%0 Journal Article
%J Ecological Complexity
%D 2017
%T Complexity of lakes in a latitudinal gradient
%A Fernández, Nelson
%A Aguilar, José
%A Piña-García, C. A.
%A Gershenson, Carlos
%K Autopoiesis
%K Biocomplexity
%K Emergence
%K Homeostasis
%K Information theory
%K Self-organization
%X Measuring complexity is fast becoming a key instrument to compare different ecosystems at various scales in ecology. To date there has been little agreement on how to properly describe complexity in terms of ecology. In this regard, this manuscript assesses the significance of using a set of proposed measures based on information theory. These measures are as follows: emergence, self-organization, complexity, homeostasis and autopoiesis. A combination of quantitative and qualitative approaches was used in the data analysis with the aim to apply these proposed measures. This study systematically reviews the data previously collected and generated by a model carried out on four aquatic ecosystems located between the Arctic region and the tropical zone. Thus, this research discusses the case of exploring a high level of self-organization in terms of movement, distribution, and quality of water between the northern temperate zone and the tropics. Moreover, it was assessed the significance of the presence of a complex variable (pH) in the middle of the latitudinal transect. Similarly, this study explores the relationship between self-organization and limiting nutrients (nitrogen, phosphorus and silicates). Furthermore, the importance of how a biomass subsystem is affected by seasonal variations is highlighted in this manuscript. This case study seeks to examine the changing nature of how seasonality affects the complexity dynamics of photosynthetic taxa (lakes located in northern temperate zone) at high latitudes, and it also investigates how a high level of self-organization at the tropical zone can lead to increase the amount of planktonic and benthic fish which determines the dynamics of complexity. This research also compares the emerging role of how a biomass subsystem has a highest temporal dynamics compared to he limiting nutrients' subsystem. In the same way, the results associated to autopoiesis reflect a moderate degree of autonomy of photosynthetic biomass. It is also discussed the case of how complexity values change in the middle of the latitudinal gradient for all components. Finally, a comparison with Tsallis information was carried out in order to determine that these proposed measures are more suitable due to they are independent of any other parameter. Thus, this approach considers some elements closely related to information theory which determine and better describe ecological dynamics.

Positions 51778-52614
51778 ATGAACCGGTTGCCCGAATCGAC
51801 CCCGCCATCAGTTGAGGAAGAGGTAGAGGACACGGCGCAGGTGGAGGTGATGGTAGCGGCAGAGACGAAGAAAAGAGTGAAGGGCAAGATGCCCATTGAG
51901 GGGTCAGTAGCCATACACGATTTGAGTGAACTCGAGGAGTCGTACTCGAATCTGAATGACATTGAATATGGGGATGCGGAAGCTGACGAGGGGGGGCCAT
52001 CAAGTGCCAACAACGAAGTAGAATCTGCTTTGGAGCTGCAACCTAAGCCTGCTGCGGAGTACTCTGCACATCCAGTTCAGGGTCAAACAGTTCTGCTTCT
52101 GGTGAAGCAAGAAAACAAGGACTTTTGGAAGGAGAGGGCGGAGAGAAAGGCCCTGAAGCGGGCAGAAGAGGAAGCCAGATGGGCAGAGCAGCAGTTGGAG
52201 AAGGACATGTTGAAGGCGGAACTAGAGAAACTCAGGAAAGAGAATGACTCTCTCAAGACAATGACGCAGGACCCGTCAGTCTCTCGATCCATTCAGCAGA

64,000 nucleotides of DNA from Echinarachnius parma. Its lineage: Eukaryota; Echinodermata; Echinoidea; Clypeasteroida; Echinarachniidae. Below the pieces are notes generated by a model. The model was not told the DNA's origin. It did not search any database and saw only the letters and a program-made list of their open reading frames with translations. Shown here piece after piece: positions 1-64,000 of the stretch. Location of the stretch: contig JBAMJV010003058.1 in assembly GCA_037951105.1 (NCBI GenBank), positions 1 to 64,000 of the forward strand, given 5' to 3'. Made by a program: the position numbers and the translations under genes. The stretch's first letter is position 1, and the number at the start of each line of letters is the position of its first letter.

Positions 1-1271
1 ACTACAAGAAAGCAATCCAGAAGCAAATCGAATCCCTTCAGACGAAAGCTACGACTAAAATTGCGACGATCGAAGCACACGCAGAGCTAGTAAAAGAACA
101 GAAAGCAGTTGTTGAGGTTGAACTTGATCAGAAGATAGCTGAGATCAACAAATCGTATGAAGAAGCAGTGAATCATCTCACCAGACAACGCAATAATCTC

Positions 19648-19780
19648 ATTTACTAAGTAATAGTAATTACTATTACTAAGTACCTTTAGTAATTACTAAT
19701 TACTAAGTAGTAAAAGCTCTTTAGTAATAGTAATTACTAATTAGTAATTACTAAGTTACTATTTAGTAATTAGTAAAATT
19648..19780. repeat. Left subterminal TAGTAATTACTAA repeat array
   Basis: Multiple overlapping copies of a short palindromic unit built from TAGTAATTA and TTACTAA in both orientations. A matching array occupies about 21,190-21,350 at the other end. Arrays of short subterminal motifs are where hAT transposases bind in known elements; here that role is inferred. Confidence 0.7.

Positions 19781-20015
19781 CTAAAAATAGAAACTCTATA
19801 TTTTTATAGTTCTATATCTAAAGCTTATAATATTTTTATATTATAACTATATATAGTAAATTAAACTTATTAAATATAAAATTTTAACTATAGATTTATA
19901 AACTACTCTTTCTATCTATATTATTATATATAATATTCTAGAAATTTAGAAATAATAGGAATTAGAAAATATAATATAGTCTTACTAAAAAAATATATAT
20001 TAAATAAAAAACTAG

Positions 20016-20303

%B Ecological Complexity
%V 31
%P 1–20
%8 9
%@ 1476-945X
%G eng
%U http://dx.doi.org/10.1016/j.ecocom.2017.02.002
%R 10.1016/j.ecocom.2017.02.002
%0 Journal Article
%J Frontiers in Robotics and AI
%D 2017
%T A Package for Measuring Emergence, Self-organization, and Complexity Based on Shannon Entropy
%A Santamaría-Bonfil, Guillermo
%A Gershenson, Carlos
%A Fernández, Nelson
%X We present Matlab/Octave functions to calculate measures of emergence, self-organization, and complexity of discrete and continuous data. The measures are based on Shannon's information and differential entropy, respectively. Examples from different datasets and probability distributions are used to illustrate the usage of the code.
%B Frontiers in Robotics and AI
%V 4
%P 10
%G eng
%U http://journal.frontiersin.org/article/10.3389/frobt.2017.00010
%R 10.3389/frobt.2017.00010
%0 Journal Article
%J Entropy
%D 2016
%T Measuring the Complexity of Continuous Distributions
%A Santamaría-Bonfil, Guillermo
%A Fernández, Nelson
%A Gershenson, Carlos
%X We extend previously proposed measures of complexity, emergence, and self-organization to continuous distributions using differential entropy. Given that the measures were based on Shannon's information, the novel continuous complexity measures describe how a system's predictability changes in terms of the probability distribution parameters. This allows us to calculate the complexity of phenomena for which distributions are known. We find that a broad range of common parameters found in Gaussian and scale-free distributions present high complexity values. We also explore the relationship between our measure of complexity and information adaptation.
%B Entropy
%V 18
%P 72
%G eng
%U http://www.mdpi.com/1099-4300/18/3/72
%R 10.3390/e18030072
%0 Book Section
%B Advances in Computational Biology
%D 2014
%T Measuring Complexity in an Aquatic Ecosystem
%A Fernández, Nelson
%A Gershenson, Carlos
%E Castillo, Luis F.
%E Cristancho, Marco
%E Isaza, Gustavo
%E Pinzón, Andrés
%E Corchado Rodríguez, Juan Manuel
%X We apply formal measures of emergence, self-organization, homeostasis, autopoiesis and complexity to an aquatic ecosystem; in particular to the physiochemical component of an Arctic lake. These measures are based on information theory. Variables with an homogeneous distribution have higher values of emergence, while variables with a more heterogeneous distribution have a higher self-organization. Variables with a high complexity reflect a balance between change (emergence) and regularity/order (self-organization). In addition, homeostasis values coincide with the variation of the winter and summer seasons. Autopoiesis values show a higher degree of independence of biological components over their environment. Our approach shows how the ecological dynamics can be described in terms of information.
%B Advances in Computational Biology
%S Advances in Intelligent Systems and Computing
%I Springer
%V 232
%P 83-89
%G eng
%U http://arxiv.org/abs/1305.5413
%R 10.1007/978-3-319-01568-2_12